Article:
Woodcock Sets Priorities for Year Ahead

January 15, 2020

Top of CDER’s to-do list for 2020 is tracking adverse events more effectively and combating the opioid crisis.

In a recent staff memo, Janet Woodcock, director of the Center for Drug Evaluation and Research (CDER), outlined several key initiatives and goals for the coming months, many affecting multiple CDER offices and addressing key challenges for the agency. At the top of the list is the need to track adverse events more effectively, especially those that did not appear during product development, as may be the case with new therapies that are tested and approved under accelerated programs. Postmarket assessment is important for identifying drug safety issues, such as the presence of genotoxic impurities, or nitrosamines, that have been identified in several types of drugs. Advances in tracking drug safety issues can help address continued drug shortages that too often limit patient access to medications and arise from manufacturing and supply failures involving multiple stakeholders.

CDER also will continue to address the opioid crisis through multiple strategies. These include decreasing exposure to opioids and preventing new addiction; supporting the treatment of those with opioid use disorder and expanding access to naloxone; fostering the development of novel pain treatment therapies; improving enforcement of diverted opioids and illegal drugs; and accessing the benefit/risk framework that evaluates not only the outcomes of opioids when used a prescribed, but also the public health effects of inappropriate use of these drugs.

A more internal goal is to fully implement CDER’s more streamlined, interdisciplinary new drug review process. This goal will further establish a more integrated review of new drug applications (NDAs) and biologics license applications (BLAs), as well as modernize approaches for managing investigational new drug (IND) applications and post-market drug safety. Despite some minor delays in standing up revised Offices of Nonprescription Drugs and of Specialty Medicine, Woodcock expects to have in place shortly a new organizational structure for CDER’s Office of New Drugs, along with changes in the Office of Translational Sciences, the Office of Surveillance and Epidemiology, and the Office of Pharmaceutical Quality.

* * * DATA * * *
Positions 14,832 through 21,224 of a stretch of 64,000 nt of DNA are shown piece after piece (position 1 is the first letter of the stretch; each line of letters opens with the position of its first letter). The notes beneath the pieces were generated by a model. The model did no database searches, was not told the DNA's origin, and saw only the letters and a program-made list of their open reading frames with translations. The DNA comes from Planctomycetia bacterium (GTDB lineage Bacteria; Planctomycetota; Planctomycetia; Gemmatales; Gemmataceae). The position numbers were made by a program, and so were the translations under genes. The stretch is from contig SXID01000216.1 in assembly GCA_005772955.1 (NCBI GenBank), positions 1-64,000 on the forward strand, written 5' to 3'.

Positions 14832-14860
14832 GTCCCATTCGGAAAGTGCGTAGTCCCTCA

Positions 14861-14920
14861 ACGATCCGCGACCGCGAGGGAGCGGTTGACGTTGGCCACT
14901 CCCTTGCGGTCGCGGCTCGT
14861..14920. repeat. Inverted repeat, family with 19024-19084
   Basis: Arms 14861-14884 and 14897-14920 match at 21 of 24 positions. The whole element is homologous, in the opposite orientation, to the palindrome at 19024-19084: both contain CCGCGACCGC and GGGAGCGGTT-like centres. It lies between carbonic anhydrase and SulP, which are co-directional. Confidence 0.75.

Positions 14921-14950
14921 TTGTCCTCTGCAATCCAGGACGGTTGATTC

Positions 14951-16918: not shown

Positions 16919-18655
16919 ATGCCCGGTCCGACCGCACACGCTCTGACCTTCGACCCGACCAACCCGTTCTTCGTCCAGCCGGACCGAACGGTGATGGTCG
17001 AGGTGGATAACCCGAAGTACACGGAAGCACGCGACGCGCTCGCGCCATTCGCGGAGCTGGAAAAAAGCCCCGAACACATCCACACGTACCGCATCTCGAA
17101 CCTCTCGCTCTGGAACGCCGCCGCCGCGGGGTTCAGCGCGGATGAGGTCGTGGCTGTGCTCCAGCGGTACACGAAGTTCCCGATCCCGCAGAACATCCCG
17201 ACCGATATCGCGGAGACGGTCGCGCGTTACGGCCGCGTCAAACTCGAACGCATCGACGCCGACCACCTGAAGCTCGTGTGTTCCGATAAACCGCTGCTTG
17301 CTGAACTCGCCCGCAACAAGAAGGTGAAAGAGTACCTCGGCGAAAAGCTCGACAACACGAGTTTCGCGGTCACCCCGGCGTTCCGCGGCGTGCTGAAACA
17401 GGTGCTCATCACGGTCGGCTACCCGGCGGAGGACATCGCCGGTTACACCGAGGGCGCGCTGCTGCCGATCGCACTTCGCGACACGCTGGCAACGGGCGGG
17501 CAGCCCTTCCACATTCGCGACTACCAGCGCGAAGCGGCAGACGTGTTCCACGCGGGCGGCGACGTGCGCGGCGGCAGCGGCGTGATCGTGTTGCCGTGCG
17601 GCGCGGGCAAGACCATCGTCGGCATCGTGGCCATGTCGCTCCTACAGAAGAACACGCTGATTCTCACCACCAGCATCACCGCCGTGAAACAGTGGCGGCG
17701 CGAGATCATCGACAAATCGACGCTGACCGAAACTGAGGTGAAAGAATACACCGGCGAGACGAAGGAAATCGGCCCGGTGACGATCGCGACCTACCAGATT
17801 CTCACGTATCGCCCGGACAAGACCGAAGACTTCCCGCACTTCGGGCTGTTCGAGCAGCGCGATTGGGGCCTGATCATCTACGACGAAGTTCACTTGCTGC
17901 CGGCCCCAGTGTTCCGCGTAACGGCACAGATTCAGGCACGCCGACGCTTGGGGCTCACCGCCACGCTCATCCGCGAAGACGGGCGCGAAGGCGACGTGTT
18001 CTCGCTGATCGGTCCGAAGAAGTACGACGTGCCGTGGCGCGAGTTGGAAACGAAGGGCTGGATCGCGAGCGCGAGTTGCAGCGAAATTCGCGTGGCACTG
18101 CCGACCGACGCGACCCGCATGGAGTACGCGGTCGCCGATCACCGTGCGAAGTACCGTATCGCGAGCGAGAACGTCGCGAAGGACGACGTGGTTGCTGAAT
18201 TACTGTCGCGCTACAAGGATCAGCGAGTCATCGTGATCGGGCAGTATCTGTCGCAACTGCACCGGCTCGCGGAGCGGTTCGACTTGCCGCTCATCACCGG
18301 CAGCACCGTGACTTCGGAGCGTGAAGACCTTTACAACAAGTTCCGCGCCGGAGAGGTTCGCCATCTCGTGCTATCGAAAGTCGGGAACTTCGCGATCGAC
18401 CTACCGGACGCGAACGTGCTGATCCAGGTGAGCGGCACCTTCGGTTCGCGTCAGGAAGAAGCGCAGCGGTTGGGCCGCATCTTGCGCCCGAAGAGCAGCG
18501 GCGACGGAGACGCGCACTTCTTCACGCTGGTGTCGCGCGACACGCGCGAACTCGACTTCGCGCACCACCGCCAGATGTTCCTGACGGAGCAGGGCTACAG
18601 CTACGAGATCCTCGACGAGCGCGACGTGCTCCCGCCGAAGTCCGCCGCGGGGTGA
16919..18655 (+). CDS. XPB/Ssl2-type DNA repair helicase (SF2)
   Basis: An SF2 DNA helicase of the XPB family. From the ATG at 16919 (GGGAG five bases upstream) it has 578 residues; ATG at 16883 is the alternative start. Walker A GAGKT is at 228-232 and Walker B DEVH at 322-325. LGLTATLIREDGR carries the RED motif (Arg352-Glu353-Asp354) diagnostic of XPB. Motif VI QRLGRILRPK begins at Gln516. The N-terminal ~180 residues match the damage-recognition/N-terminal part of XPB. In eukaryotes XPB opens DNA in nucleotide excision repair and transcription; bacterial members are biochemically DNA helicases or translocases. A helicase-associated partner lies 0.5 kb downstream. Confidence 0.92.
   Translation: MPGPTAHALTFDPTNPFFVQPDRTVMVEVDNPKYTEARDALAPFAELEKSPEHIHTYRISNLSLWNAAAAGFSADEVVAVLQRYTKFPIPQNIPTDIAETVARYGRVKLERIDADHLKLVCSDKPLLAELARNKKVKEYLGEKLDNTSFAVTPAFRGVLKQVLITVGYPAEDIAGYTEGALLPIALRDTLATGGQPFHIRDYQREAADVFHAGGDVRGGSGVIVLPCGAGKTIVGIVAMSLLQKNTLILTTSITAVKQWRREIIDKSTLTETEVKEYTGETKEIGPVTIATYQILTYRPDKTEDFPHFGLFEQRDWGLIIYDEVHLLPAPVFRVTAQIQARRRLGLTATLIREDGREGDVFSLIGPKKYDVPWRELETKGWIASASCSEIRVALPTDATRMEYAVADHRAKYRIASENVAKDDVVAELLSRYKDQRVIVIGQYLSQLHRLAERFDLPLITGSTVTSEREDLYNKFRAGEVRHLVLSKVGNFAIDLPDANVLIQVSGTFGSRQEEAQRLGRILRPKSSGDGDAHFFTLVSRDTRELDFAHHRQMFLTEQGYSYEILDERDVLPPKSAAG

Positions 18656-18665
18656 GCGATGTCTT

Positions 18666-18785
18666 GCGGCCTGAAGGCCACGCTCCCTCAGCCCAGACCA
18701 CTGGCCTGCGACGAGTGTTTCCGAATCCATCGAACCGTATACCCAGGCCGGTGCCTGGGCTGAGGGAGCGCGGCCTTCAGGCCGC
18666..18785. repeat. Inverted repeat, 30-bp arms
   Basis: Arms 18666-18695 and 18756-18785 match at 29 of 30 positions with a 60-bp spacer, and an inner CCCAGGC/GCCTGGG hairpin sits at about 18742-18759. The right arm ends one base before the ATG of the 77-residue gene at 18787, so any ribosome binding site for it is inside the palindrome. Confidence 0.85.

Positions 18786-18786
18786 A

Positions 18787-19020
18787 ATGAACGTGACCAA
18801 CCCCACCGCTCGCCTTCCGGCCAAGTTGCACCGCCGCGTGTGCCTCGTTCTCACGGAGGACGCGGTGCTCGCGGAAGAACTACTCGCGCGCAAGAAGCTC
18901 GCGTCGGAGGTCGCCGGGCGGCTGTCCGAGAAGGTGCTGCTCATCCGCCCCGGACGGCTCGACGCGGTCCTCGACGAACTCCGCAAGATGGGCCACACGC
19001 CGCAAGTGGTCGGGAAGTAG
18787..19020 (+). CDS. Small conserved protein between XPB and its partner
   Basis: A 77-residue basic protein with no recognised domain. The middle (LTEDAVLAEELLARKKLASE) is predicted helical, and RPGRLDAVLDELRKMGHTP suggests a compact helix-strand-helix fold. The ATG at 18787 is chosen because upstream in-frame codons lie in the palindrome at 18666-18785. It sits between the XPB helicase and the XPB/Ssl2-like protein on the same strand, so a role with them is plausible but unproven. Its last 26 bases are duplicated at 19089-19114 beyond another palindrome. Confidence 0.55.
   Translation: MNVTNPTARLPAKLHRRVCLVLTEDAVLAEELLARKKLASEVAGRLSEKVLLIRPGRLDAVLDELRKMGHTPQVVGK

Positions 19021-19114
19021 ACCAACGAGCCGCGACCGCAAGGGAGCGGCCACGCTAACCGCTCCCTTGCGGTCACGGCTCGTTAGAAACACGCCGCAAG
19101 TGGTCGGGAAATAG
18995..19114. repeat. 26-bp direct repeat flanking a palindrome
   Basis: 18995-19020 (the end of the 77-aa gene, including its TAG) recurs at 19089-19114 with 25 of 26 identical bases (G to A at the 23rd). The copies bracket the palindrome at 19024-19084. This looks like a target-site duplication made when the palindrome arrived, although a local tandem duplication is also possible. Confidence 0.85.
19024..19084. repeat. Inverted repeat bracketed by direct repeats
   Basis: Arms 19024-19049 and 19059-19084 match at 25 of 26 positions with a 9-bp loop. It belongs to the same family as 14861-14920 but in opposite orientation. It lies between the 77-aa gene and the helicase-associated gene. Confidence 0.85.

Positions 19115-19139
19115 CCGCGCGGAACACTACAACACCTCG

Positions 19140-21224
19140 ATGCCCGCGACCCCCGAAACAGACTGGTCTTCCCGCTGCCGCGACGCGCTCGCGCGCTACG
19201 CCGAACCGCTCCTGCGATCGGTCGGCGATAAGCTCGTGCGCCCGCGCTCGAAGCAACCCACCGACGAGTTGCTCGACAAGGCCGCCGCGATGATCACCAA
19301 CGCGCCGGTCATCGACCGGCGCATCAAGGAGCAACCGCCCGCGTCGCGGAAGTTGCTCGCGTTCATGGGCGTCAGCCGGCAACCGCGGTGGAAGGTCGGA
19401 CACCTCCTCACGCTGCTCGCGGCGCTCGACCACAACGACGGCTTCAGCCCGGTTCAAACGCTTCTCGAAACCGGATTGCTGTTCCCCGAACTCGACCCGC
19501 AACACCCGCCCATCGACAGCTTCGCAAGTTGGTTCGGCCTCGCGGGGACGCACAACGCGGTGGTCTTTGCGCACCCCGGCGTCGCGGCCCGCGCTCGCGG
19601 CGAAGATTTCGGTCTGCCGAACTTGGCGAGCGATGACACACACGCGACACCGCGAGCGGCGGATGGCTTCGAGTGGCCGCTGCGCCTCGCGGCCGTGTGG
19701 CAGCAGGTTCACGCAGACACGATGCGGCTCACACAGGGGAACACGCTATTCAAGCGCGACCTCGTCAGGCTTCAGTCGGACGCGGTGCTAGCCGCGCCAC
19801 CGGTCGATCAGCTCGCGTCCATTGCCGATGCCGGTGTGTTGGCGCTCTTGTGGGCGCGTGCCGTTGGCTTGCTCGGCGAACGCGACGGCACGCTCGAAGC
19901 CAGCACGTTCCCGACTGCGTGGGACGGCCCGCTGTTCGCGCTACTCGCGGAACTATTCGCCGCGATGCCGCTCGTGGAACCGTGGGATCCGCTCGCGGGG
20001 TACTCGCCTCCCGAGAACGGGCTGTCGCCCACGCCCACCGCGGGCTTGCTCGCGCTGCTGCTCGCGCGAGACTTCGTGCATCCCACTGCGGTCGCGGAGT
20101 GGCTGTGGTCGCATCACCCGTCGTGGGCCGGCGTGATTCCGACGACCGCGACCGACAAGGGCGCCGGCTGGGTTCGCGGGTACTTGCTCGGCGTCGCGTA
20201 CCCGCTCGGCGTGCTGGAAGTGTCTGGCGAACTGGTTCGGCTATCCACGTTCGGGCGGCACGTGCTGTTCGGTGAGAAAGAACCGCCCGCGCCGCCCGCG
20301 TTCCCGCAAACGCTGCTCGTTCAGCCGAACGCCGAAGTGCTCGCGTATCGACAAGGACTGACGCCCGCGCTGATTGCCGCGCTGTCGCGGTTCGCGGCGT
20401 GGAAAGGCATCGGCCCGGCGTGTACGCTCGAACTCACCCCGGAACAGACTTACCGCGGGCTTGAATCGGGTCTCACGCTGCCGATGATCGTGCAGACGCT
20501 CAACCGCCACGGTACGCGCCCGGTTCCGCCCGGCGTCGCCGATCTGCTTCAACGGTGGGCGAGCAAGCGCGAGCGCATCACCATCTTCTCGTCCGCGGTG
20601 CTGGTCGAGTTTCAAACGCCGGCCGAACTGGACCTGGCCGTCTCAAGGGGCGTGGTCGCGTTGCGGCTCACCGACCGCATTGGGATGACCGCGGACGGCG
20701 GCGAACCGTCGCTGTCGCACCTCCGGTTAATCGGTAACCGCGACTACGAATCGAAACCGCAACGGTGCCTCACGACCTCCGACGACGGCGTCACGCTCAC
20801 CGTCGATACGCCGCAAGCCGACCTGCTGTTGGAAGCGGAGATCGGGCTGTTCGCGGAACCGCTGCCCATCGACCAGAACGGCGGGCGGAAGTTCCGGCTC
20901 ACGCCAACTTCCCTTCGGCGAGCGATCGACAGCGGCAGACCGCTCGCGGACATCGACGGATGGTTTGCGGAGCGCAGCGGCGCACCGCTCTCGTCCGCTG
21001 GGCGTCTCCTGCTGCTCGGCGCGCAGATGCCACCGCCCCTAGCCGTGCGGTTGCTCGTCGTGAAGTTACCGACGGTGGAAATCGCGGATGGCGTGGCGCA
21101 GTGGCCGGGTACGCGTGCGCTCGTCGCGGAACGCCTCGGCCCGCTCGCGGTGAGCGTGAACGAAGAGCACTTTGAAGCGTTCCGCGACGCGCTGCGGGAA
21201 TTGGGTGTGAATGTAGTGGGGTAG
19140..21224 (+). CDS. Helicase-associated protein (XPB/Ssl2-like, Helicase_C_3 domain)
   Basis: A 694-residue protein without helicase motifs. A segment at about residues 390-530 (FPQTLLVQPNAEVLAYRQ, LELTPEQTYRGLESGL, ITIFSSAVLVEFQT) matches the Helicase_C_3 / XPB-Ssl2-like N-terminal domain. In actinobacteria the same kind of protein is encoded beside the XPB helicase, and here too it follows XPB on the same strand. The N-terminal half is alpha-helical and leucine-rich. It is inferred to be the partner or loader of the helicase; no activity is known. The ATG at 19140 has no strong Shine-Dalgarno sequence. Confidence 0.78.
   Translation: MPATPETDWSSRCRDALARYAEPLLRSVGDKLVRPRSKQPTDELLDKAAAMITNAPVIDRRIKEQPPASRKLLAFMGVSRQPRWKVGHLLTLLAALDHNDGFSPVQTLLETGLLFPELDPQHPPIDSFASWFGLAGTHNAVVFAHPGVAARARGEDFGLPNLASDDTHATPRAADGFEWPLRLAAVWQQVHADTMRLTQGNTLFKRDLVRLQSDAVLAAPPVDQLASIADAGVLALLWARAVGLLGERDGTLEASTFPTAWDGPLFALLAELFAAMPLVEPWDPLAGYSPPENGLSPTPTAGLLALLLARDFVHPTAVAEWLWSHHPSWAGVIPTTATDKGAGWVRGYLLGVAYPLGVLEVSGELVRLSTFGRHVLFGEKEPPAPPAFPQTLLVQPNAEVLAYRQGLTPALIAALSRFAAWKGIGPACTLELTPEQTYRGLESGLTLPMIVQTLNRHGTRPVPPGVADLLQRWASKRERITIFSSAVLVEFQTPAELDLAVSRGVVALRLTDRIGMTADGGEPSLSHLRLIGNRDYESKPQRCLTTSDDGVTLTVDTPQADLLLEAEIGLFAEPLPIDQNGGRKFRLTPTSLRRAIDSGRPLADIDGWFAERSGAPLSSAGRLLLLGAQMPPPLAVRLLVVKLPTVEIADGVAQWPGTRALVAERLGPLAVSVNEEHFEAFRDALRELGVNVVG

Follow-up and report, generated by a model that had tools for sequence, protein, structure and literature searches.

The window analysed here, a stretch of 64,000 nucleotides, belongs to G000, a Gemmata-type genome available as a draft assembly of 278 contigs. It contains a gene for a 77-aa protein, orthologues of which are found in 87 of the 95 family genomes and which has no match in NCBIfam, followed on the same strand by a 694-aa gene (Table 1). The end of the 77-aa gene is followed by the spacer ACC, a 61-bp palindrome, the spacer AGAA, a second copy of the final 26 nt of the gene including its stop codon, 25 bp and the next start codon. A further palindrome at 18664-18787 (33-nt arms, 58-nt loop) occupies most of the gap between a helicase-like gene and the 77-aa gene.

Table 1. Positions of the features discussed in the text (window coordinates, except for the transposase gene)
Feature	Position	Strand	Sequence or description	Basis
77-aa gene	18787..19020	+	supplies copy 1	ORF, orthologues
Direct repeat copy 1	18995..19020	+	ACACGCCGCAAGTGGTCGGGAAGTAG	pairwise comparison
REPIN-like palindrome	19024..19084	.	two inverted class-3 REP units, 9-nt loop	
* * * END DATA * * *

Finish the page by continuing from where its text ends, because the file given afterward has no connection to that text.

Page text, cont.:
More specific initiatives on the list involve finalizing a new regulatory approach to non-prescription sunscreen use and to further engage drug compounders to protect the public from contaminated products. A new Compounding Quality Center of Excellence aims to enhance collaboration among and provide educational programs for outsourcing facilities to improve the overall quality of compounded medicines.

Looking to the future, CDER officials will begin the next round of user fee negotiations to set the stage for reauthorization of CDER’s three user fee programs in 2022. These involve drugs, generic drugs and biosimilars, and are critical to CDER being able to “fulfill our mission of protecting the public health and accelerating innovation in industry,” Woodcock stated. In conclusion, she noted the importance of working to further improve internal processes for CDER’s governance structure, information technology, and hiring-a process that involves a more streamlined interview and selection process.